Reduced Ipsilesional Cortical Volumes in Fetal Periventricular Venous Infarction
Background and Purpose—Perinatal stroke causes most term-born hemiplegic cerebral palsy. Many suffer additional sequelae. Periventricular venous infarction (PVI) is a common fetal stroke in which isolated subcortical injury may cause only motor deficits. However, cognitive, language, and behavioral deficits also occur. We hypothesized that ipsilesional cortical gray matter volumes are reduced in PVI.
Methods—Children (12 months to 18 years) with MRI-confirmed PVI were identified through the Alberta Perinatal Stroke Project. We developed an MRI method to quantify sectional gray (GM) and white matter (WM) volumes from lesioned and unlesioned (control) hemispheres (OsiriX software). Differences in cortical GM and WM volumes were compared between hemispheres in preselected regions “above” the lesion (middle) and anterior and posterior to this. Outcomes dichotomized for “cortical dysfunction” (cognitive, behavioral, language) and motor deficit severity (Pediatric Stroke Outcome Measure) were compared with GM volumes.
Results—Twenty-two children (81% boys; median age, 8 years) were included. Methods demonstrated high intrarater and inter-rater reliabilities (ρ=0.988, ρ=0.943) and minimal observer bias. Ipsilesional GM volume was significantly reduced in the middle (P=0.007) and posterior (P=0.03) regions. Middle ipsilesional WM volumes were reduced (P<0.001). The degree of GM reduction was not associated with cortical dysfunction or severity of motor deficit.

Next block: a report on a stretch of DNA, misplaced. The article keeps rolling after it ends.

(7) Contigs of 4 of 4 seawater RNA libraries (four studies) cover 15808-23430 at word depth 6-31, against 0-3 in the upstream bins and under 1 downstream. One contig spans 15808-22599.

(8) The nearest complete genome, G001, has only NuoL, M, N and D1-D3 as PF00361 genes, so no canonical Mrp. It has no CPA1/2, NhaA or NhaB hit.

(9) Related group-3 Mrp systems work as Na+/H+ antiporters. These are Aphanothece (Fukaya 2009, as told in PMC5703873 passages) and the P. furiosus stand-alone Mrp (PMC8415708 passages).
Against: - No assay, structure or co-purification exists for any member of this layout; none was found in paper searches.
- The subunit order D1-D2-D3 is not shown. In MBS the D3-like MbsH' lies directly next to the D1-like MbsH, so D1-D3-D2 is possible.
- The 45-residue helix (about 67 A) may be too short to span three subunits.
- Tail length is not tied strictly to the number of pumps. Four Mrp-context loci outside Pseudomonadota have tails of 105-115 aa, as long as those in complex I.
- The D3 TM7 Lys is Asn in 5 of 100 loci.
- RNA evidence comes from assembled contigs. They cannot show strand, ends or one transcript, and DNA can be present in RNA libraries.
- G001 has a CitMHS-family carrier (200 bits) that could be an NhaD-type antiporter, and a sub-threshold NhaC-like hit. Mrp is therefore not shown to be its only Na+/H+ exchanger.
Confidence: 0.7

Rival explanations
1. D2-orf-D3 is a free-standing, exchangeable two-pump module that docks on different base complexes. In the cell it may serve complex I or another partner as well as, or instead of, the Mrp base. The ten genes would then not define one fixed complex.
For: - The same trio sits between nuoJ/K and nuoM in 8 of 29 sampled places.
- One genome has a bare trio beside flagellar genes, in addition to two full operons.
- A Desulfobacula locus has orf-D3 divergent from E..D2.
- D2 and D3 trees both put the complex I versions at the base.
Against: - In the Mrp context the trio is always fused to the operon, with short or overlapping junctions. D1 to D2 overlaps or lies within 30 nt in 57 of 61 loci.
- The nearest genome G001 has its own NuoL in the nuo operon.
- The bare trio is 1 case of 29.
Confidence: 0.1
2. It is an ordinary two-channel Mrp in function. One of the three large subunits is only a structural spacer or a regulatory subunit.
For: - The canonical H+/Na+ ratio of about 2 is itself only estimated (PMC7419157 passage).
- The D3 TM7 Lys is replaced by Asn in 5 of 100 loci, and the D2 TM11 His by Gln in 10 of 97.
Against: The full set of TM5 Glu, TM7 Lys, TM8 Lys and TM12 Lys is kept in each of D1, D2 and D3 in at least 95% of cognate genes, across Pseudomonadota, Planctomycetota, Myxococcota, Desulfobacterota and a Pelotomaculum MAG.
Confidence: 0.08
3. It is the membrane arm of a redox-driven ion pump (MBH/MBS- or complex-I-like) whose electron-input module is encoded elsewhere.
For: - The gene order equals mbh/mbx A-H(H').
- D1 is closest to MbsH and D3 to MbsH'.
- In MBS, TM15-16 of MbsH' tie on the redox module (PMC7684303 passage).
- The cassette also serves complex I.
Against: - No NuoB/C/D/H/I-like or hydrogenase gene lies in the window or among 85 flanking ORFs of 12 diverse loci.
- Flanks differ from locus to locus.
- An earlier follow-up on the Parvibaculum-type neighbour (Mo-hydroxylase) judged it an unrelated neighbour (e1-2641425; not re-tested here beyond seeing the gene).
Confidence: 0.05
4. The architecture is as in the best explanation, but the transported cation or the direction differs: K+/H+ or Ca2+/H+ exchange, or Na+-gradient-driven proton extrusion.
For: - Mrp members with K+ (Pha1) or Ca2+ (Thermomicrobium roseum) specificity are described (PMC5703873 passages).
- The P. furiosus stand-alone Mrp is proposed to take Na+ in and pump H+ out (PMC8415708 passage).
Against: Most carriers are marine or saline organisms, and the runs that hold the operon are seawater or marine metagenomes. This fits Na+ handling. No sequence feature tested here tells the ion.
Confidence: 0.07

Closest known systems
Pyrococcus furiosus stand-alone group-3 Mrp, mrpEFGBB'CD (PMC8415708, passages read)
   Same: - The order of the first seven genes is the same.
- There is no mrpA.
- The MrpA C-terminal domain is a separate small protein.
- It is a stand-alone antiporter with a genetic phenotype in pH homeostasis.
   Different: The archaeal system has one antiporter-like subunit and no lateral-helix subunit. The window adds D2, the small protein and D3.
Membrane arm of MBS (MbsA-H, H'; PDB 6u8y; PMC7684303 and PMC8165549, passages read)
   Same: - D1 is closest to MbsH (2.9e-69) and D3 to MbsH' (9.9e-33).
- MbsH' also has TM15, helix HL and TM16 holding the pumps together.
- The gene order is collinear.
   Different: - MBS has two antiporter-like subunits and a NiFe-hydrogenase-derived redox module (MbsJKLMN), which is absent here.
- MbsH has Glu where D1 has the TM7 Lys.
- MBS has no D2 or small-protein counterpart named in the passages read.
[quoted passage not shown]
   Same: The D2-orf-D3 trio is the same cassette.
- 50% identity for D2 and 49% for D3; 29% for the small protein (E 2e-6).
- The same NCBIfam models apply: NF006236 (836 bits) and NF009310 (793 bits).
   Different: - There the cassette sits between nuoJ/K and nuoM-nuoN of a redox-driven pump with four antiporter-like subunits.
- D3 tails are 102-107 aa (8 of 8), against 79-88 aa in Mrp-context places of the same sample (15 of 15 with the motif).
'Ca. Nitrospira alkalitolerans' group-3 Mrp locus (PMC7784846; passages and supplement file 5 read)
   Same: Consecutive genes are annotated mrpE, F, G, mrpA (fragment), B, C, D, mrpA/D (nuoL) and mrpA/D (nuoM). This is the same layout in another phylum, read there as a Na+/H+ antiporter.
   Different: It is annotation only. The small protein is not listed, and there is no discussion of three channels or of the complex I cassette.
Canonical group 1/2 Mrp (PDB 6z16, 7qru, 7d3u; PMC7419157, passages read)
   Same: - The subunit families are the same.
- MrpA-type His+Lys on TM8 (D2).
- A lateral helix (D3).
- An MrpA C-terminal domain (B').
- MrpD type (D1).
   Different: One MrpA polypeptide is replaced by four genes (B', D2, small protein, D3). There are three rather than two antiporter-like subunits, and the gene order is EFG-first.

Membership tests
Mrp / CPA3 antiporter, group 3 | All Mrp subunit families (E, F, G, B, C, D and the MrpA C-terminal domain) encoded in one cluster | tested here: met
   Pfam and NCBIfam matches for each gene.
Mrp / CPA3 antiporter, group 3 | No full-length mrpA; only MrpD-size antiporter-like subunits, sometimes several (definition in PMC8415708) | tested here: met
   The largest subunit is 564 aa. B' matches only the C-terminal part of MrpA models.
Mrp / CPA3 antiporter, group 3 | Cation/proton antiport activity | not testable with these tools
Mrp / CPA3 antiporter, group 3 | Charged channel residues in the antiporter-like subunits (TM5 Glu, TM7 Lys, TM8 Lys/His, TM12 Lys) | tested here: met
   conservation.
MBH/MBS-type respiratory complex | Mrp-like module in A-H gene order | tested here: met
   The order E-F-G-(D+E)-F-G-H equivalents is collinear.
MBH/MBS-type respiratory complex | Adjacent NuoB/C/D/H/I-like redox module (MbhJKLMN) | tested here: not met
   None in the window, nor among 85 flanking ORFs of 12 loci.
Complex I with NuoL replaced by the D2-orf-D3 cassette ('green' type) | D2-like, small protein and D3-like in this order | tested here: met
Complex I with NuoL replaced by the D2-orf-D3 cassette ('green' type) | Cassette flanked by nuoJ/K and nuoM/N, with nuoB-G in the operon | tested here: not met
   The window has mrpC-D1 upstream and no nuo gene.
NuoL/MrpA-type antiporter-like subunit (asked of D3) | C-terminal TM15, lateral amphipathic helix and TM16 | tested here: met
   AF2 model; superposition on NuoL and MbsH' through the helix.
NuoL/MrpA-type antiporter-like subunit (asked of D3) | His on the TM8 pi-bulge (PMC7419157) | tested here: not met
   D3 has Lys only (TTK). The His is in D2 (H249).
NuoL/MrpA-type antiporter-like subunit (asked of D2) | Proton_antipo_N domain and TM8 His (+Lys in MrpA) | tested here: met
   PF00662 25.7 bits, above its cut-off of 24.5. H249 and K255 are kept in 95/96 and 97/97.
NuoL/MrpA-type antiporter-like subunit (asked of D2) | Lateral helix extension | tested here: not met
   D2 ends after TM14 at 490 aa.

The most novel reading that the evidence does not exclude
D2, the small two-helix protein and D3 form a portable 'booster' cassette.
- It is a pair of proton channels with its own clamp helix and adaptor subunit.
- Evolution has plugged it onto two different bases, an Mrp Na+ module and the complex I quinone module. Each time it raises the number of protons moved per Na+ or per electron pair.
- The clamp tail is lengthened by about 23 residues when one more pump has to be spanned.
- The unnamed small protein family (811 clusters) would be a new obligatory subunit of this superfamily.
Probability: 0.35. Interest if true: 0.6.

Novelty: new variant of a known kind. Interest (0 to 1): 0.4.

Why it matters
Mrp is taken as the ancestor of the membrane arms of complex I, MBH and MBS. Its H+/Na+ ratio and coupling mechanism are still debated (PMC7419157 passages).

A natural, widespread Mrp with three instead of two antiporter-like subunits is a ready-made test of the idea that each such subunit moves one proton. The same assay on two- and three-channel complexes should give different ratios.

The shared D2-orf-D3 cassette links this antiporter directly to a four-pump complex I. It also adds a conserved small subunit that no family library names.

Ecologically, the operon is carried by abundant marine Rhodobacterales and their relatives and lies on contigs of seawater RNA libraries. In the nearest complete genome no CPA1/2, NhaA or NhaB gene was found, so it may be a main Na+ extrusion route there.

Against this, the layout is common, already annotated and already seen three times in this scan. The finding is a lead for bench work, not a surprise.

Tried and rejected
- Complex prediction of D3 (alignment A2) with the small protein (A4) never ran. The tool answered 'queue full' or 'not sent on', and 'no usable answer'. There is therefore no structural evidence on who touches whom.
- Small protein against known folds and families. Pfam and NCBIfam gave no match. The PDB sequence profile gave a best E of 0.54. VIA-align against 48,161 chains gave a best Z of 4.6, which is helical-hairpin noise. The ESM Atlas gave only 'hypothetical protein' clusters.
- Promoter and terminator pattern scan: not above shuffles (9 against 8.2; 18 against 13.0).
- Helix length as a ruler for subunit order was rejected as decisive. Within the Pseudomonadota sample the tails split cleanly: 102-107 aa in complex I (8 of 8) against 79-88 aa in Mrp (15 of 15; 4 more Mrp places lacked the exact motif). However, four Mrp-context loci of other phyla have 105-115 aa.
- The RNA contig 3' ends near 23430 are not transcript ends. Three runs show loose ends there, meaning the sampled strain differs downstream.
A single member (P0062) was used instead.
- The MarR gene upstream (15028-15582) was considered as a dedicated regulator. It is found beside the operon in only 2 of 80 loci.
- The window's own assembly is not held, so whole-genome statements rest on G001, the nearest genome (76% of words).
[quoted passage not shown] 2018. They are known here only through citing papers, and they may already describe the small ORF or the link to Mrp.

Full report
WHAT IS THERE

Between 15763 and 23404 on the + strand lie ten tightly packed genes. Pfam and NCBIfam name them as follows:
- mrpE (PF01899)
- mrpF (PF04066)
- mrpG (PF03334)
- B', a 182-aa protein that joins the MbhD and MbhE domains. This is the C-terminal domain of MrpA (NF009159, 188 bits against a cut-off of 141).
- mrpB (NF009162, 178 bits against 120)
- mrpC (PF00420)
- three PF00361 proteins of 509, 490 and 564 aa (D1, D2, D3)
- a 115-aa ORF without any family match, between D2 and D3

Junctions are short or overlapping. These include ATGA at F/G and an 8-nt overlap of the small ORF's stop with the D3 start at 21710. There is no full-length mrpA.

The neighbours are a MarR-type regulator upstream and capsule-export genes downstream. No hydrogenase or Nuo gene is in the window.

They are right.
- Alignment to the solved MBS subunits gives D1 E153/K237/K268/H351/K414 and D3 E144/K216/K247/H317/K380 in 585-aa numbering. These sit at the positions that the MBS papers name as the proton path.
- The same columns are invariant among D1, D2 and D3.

Conclusions—Ipsilesional GM volume is diminished in PVI. Speculative mechanisms include retrograde neuronal degeneration and disrupted migration. Neuropsychological testing of larger samples is required to determine clinical significance.
Perinatal stroke is the leading cause of hemiplegic cerebral palsy (CP) in term-born children.1 Periventricular venous infarction (PVI) is a distinct and common variety.2 PVI is the in utero version of germinal matrix hemorrhage, which is well described in delivered preterm infants.3 Hemorrhage causes obstruction of medullary veins, leading to impaired drainage and venous infarction of the periventricular white matter (WM). Hemiplegic CP results when this infarct damages the corticospinal tracts.
The isolated, subcortical nature of PVI suggests that children might only have motor deficits. Preliminary studies suggest that PVI children tend to avoid the more complex, “cortical” morbidities of arterial perinatal strokes including epilepsy and cognitive, language, or behavioral deficits.4 Emerging evidence, however, suggests that PVI children may incur such problems. Volumetric analysis has demonstrated cortical gray matter (GM) abnormalities associated with neurological outcome in other premature WM injuries (eg, periventricular leukomalacia).5 Cortical volumes have not been explored in PVI.